• On the debate over critical race theory in education: “This is a red herring. This is what people are trying to use in order to spread strife...I just think that that's where we are missing the mark, by not explaining to the American people that this is the truth.” 
  • On how the corporate world can advance equity: “I believe that the corporate world really drives so much of the economic activity that takes place in this country. And [it] ought to really play a role there and make sure that we do not allow the limiting of democracy...That's why you see a lot of corporate people in Georgia now stepping forward, saying we are not going to allow these [voter] laws that you pass to define what Georgia is all about.”

Michelle Duster spoke about her great-grandmother Ida B. Wells, discussing her legacy in journalism and speaking out against systemic racism.

  • On journalism as a tool to expose injustice: "If you decided to push the boundaries and try to fight for first class citizenship, there was pushback and ultimately violence. She exposed this reality that lynching was being used as a form of domestic terrorism."
  • On how using the truth sparks change: “You have to tell the truth in order to make change. We have to admit that there's a problem before we can solve it. She was using journalism as a way to shed light on the truth, she was using the truth as a weapon, really against these false narratives that were being used to justify violence that was being inflicted on the Black community. She truly believed that the truth would lead to justice.”

Rosa Clemente dove into the impact of racism in America and what can be done to advance progress on this front.

  • On the impact of the pandemic and the effect of racism on health outcomes: “We as Black and brown people have died disproportionate to the number of people [in the US.] I think it's important that people look at this pandemic because it has shown and shine a light on all the systemic injustices that are happening.”
  • On changing the narrative around allyship: “I don't need an ally. I need you to be an accomplice for justice. I need you to dedicate your life to ending white supremacy and white privilege. Not when it's trendy, not when it's easy, but at the times that it is hardest for a white person to do that. That is the time they should be doing that work.” 

Axios CEO & Co-founder Jim VandeHei hosted a View from the Top segment with secretary of the Smithsonian Lonnie G. Bunch III and global head of environmental, social and governance at Bank of America Andrew Plepler where they discussed Bank of America’s partnership with the Smithsonian.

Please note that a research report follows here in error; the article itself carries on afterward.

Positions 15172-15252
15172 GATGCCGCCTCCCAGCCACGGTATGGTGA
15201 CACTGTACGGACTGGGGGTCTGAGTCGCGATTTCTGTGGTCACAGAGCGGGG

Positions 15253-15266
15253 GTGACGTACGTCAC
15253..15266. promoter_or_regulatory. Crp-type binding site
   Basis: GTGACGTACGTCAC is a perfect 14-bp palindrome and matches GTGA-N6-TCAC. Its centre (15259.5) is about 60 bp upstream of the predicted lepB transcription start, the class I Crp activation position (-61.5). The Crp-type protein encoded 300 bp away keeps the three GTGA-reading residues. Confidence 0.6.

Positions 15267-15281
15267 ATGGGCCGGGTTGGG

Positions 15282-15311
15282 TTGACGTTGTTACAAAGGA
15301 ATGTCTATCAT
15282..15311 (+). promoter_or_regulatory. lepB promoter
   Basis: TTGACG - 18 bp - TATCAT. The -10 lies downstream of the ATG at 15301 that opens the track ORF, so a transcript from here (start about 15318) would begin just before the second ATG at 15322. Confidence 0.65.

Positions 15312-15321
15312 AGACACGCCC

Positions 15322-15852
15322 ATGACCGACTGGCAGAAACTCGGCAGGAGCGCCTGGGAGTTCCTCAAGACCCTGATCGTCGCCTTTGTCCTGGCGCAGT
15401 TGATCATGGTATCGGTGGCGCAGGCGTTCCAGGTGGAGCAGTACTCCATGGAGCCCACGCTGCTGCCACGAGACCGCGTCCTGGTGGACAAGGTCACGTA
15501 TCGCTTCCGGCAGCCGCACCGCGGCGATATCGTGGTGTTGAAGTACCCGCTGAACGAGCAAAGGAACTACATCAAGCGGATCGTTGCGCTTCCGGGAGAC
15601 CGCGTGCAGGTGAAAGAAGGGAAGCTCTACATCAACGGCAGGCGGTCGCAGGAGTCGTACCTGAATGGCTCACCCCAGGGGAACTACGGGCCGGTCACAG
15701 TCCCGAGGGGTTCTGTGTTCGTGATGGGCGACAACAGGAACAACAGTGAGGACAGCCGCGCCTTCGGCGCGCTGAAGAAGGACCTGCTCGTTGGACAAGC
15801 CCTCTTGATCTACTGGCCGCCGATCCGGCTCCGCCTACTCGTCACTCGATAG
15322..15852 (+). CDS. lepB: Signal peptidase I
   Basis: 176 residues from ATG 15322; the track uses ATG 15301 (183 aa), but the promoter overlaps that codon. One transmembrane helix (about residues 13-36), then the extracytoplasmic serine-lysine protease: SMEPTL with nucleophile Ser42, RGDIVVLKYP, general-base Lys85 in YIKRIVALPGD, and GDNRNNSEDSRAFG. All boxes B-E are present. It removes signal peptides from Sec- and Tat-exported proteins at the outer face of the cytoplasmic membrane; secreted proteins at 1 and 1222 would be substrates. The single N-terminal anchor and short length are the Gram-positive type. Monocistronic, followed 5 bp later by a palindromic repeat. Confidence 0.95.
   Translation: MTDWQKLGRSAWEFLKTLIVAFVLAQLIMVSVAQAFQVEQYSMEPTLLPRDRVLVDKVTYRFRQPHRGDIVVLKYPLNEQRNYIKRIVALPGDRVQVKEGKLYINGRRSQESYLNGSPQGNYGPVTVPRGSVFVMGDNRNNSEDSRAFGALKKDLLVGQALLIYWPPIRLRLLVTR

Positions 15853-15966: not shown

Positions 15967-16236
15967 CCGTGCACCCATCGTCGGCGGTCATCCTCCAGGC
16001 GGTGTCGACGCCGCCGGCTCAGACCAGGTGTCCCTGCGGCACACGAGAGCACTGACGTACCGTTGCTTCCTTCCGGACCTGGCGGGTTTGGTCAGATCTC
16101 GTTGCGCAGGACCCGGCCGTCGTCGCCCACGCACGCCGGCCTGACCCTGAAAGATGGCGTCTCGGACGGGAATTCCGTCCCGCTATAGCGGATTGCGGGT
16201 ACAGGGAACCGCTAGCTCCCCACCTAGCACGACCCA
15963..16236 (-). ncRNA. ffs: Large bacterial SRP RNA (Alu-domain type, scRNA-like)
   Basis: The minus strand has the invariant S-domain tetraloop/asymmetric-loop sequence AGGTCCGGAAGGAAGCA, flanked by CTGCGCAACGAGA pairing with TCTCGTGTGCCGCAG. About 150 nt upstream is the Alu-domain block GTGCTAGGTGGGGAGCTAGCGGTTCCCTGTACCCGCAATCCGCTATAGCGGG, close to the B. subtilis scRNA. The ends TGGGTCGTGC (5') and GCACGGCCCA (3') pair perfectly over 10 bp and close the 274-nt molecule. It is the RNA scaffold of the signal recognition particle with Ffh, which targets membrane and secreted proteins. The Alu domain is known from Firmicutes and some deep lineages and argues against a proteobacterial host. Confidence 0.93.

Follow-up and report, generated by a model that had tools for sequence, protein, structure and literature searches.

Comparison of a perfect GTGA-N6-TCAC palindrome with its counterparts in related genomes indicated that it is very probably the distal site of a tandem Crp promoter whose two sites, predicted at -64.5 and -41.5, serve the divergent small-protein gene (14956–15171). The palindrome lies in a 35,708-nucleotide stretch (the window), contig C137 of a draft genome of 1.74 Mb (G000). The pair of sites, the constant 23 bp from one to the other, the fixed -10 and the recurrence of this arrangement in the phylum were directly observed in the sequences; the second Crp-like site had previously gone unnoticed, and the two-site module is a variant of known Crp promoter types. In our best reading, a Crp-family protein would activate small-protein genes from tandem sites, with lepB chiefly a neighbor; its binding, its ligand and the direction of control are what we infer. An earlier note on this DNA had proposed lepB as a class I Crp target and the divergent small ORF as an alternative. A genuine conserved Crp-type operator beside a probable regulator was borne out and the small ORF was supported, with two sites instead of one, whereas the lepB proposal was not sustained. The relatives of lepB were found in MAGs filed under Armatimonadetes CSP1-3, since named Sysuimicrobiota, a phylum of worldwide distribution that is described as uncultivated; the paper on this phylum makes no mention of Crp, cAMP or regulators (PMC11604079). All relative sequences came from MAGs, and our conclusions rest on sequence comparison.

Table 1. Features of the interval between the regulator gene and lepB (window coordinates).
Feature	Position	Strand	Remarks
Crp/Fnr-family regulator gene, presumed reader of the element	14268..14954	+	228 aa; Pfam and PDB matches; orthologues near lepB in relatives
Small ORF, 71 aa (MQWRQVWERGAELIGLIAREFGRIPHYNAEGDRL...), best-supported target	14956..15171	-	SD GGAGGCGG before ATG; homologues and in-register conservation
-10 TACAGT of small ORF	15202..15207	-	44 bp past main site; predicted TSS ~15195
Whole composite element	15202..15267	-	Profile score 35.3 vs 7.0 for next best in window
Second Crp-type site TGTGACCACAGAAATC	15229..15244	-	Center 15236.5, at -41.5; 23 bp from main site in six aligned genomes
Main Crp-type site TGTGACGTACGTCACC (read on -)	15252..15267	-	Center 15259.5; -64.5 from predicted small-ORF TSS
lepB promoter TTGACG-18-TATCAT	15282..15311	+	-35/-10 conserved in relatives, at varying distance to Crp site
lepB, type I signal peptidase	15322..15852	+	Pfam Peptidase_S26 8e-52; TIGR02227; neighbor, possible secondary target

• Lonnie G. Bunch III on the Smithsonian's role in addressing systemic racism: “We were devastated by the dual pandemics, the pandemic of racism and the unfairness in terms of health access...We thought it would be important for us to use our resources to create an opportunity for the American public to find a true understanding of its past and to find hope. So that's what we wanted to do, was to provide opportunities where people use a trusted brand of the Smithsonian to talk about issues, better understand issues of race, and to ultimately help us find that shared future.”
  • Andrew Plepler on Bank of America’s responsibility as a financial institution: “We view it as imperative to our role in society to address some of the great challenges that we face as a country, and we think that a financial institution absolutely can be a partner in examining those challenges and in deploying resources to address those challenges. And there are no two greater challenges today than climate and racial equality.”

Thank you Bank of America for sponsoring this event.

Federal Reserve scales back expectations for economic recovery as Delta variant weighs

Fed chair Jerome Powell during a congressional hearing last year. (Photo: Stefani Reynolds/Bloomberg via Getty Images)

The Fed downgraded near-term expectations for the economy and the labor market, alongside hotter-than-expected inflation, in new estimates out on Wednesday.

Why it matters: It's the first time those closely-watched estimates reflect impact from the delta variant that's already rattled the labor market. Still, Fed chairman Jerome Powell said enough progress has been made to begin to pull back emergency-era measures that have supported the economy.

Bipartisan police reform negotiations end without deal

Rep. Karen Bass (D-Calif.) with Sens. Tim Scott (R-S.C.) and Cory Booker (D-N.J.) in the Capitol in May 2021. Photo: Drew Angerer/Getty Images

Bipartisan talks on reforming police tactics and accountability, prompted by George Floyd's murder in May 2020, have ended without a compromise, Sen. Cory Booker (D-N.J.), a key negotiator, said Wednesday.

Why it matters: Lawmakers, led by Rep. Karen Bass (D-Calif.) and Sens. Tim Scott (R-S.C.) and Booker, had been working toward a bipartisan deal for months but things fell apart due to disagreements on qualified immunity and other issues.